Tanglewood: Ébène Quartet Classical masters get hot and cool

Saturday August 18, 2012

Special to the Eagle

LENOX -- The Ébène Quartet is cool, even when it's hot.

The French string ensemble returned to Tanglewood Thursday night for its second visit, this time adding its signature jazz and pop arrangements to standard fare by Mozart and Tchaikovsky. The connection between styles was unmistakable. The hotter the old masters got, the cooler they were.

The appeal of jazz to classical musicians, and vice versa, has been going on a long time, and the Ébène is clearly so versatile that it can do whatever it wants, however it wants. What was new here -- or relatively new -- was a manifestation of a growing trend: the erasure of lines between classical and popular styles by younger generations of musicians (especially heard in the work of young composers).


After a half of the program devoted to the classics, the Ébène (ebony, as in clarinet) finished with a set of jazz and Beatles standards, plus its own electric arrangement of the "Pulp Fiction" soundtrack. Segregation of genres in programming was maintained. In performing style: Well, that was a different matter.

In Ozawa Hall, the playing in both departments enjoyed impressive unity, blend and commitment. The players also seemed unusually personable. But the emphasis on individuality of approach and striking effect in the jazz-pop repertoire also marked the classics.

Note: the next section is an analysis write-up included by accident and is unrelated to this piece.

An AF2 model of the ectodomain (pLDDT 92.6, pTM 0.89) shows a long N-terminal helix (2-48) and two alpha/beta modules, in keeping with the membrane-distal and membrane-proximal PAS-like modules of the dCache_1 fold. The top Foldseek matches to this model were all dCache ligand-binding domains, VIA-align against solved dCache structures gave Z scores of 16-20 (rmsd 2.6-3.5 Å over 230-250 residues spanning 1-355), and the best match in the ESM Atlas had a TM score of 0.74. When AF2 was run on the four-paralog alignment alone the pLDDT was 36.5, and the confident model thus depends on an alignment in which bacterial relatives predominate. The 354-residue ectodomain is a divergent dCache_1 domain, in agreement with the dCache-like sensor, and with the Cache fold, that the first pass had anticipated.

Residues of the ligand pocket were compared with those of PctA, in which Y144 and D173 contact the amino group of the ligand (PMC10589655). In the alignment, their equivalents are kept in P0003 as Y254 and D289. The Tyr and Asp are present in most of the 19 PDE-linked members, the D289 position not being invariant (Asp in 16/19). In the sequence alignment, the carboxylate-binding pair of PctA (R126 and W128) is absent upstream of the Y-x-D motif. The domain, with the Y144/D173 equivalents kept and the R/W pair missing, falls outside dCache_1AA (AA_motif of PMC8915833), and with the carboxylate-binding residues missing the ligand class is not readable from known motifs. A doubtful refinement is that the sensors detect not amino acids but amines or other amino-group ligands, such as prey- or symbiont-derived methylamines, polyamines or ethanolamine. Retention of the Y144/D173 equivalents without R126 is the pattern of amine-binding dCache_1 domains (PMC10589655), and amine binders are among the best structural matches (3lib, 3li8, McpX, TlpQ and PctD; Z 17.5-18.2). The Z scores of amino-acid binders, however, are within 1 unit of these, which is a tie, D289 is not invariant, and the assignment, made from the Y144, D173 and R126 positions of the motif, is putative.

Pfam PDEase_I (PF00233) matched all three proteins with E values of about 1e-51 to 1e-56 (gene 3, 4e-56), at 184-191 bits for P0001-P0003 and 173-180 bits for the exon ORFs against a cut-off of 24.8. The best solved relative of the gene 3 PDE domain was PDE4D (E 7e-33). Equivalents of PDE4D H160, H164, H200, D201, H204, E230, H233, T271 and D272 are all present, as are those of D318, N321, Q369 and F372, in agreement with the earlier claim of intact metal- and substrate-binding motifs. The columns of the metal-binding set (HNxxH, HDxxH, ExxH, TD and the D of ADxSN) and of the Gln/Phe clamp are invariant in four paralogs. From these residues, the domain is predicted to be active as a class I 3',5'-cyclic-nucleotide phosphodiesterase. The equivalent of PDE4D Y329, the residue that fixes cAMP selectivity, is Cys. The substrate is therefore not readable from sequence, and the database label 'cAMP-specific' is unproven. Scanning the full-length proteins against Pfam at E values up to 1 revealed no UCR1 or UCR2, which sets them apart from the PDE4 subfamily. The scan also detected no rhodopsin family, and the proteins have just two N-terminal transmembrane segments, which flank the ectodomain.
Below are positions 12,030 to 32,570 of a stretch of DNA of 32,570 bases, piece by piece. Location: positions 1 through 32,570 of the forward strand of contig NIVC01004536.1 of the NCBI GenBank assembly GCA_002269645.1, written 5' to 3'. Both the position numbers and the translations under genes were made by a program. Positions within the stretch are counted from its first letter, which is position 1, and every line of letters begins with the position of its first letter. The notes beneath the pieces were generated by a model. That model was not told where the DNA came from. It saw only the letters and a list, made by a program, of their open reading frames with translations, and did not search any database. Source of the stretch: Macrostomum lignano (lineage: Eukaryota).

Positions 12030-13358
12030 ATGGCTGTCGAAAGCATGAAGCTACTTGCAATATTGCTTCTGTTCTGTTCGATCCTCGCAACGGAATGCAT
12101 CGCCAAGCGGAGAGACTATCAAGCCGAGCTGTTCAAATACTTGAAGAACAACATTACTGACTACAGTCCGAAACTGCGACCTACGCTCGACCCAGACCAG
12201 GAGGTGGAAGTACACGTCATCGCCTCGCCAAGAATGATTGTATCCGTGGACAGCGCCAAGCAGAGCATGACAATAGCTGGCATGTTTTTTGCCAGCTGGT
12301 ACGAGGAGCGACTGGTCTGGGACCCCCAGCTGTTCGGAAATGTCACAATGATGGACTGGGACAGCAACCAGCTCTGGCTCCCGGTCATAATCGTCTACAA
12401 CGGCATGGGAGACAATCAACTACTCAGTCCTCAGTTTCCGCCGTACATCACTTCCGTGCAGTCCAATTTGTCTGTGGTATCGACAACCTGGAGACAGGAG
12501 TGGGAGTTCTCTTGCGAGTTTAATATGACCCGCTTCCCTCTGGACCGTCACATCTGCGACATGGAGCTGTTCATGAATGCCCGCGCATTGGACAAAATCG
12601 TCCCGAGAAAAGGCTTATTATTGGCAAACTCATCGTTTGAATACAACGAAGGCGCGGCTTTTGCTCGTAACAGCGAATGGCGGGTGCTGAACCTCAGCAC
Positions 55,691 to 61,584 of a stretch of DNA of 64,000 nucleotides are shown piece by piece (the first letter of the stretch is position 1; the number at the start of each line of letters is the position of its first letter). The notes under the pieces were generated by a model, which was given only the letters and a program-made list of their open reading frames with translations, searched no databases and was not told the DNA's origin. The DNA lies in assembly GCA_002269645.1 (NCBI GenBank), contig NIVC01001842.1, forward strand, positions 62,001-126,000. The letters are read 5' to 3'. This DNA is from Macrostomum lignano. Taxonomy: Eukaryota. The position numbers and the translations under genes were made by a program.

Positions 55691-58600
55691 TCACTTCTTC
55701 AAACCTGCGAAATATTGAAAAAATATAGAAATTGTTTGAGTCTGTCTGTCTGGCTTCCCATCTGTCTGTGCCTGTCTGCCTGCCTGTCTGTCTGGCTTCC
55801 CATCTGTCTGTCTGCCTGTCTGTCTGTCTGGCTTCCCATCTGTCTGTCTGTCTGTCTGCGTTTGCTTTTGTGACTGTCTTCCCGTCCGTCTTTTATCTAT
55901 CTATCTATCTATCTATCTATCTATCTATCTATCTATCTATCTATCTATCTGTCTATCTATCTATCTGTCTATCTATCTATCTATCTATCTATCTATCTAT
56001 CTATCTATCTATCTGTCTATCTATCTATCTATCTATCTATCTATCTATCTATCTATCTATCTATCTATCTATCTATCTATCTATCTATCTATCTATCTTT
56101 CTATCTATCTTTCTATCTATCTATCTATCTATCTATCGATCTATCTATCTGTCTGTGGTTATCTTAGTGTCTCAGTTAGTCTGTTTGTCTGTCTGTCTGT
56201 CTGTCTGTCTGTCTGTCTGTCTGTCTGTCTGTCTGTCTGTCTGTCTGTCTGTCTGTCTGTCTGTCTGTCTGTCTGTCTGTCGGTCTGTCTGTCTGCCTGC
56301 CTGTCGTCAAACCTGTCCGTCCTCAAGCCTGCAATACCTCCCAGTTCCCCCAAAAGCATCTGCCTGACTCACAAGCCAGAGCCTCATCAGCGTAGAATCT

Mozart's Quartet in D minor, K. 421, underwent a constant push-pull effect through added emphasis on rhythm, tempo and dynamics. Things weren't just fast or slow, loud or soft; they were faster or slower, louder or softer, in sometimes sudden alteration.

This quartet is one of Mozart's most introspective, melancholic works. The effect of the exaggerations was to call attention to striking moments rather than the overarching narrative -- in other, words, to sap rather than heighten the mood. The waltzlike rhythm given the middle section of the minuet, while attractive in itself, seemed to have little to do with the stormy outer sections. Remarkable playing argued against itself.

In the Tchaikovsky quartet, the affecting moments, such as a gentle hush given to the famous andante cantabile, were similarly offset by exaggerations elsewhere. Attacks weren't so much delivered as pounced upon. The uphill-downhill ride culminated in a manic rush to the end.


A large audience clearly loved all this, and it was easy to see why. In a restless time when pop culture more and more rules the day, restless performances of the old and new seemed just right.


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